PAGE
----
Chinese Rugs

Written by Helen Glenn Court
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A few records mention hand knotted Chinese rugs being made as early as 1696 in north central China, west of Beijing toward Mongolia, in Ningxia province. In fact, the oldest surviving hand knotted rug--dating to 500 BC--was found on the border of Siberia and Outer Mongolia, but its origin is not known and its design is Persian. For the most part, however, Chinese rugs appeared only in the 19th century, during the Ming and Ching Dynasties.

The first Chinese wool rug making school was founded in 1860 in Beijing, by a Buddhist priest named Ho Chi-ching. It proved successful and rug making thrived for a time. By the end of the century, however, quality declined. In the early 20th century manufacture resumed, thanks in large part to western capital.

Chinese rugs--unlike most from Turkey, the Caucasus, Persia, Central Asia, and India--feature realistic flora and fauna as well as geometric designs. Both wool and camel hair were abundant in China's rug making areas, and were the primary material for pile. Provinces along the old Silk Road into Central Asia all produced rugs early on, as did Tibet and Mongolia.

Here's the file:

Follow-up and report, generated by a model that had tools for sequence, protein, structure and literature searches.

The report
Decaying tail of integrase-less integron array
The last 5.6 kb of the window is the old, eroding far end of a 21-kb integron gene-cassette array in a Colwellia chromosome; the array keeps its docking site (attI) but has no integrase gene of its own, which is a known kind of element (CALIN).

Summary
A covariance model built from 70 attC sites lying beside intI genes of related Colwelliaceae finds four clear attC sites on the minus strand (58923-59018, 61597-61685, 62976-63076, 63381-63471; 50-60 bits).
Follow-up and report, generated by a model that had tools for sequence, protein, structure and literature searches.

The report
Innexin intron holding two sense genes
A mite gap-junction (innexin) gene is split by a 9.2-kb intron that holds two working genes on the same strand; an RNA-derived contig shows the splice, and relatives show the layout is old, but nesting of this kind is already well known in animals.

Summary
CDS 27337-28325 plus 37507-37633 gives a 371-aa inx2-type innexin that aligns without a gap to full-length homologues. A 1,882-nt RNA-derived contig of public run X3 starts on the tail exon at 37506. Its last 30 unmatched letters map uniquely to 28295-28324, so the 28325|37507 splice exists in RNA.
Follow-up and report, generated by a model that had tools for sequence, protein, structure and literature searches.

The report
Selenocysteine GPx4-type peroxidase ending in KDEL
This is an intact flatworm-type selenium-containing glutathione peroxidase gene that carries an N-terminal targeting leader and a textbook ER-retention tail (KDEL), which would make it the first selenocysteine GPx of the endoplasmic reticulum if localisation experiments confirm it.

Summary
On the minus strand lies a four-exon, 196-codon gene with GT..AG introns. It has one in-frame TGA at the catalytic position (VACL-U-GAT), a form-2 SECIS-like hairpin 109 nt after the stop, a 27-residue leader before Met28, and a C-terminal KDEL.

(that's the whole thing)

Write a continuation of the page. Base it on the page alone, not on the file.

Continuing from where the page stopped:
Chinese Rugs of Tibet

Most rugs made in Tibet are area rugs. The best of them are made--despite an influx of technology and new weaving techniques--by traditional methods, totally hand-spun yarn and natural dyes. They feature thick dense pile and deep rich colors. Weaving in Tibetan rugs, however, is unique among rug makers. A continuous strand of yard is wrapped through all the warps of the foundation and across a metal rod that spans the loom width. The wraps of yarn are then cut, forming two rows of tufts. Two traditional Tibetan designs are the flayed tiger on a cream background, and a simplified and angular large flower design.


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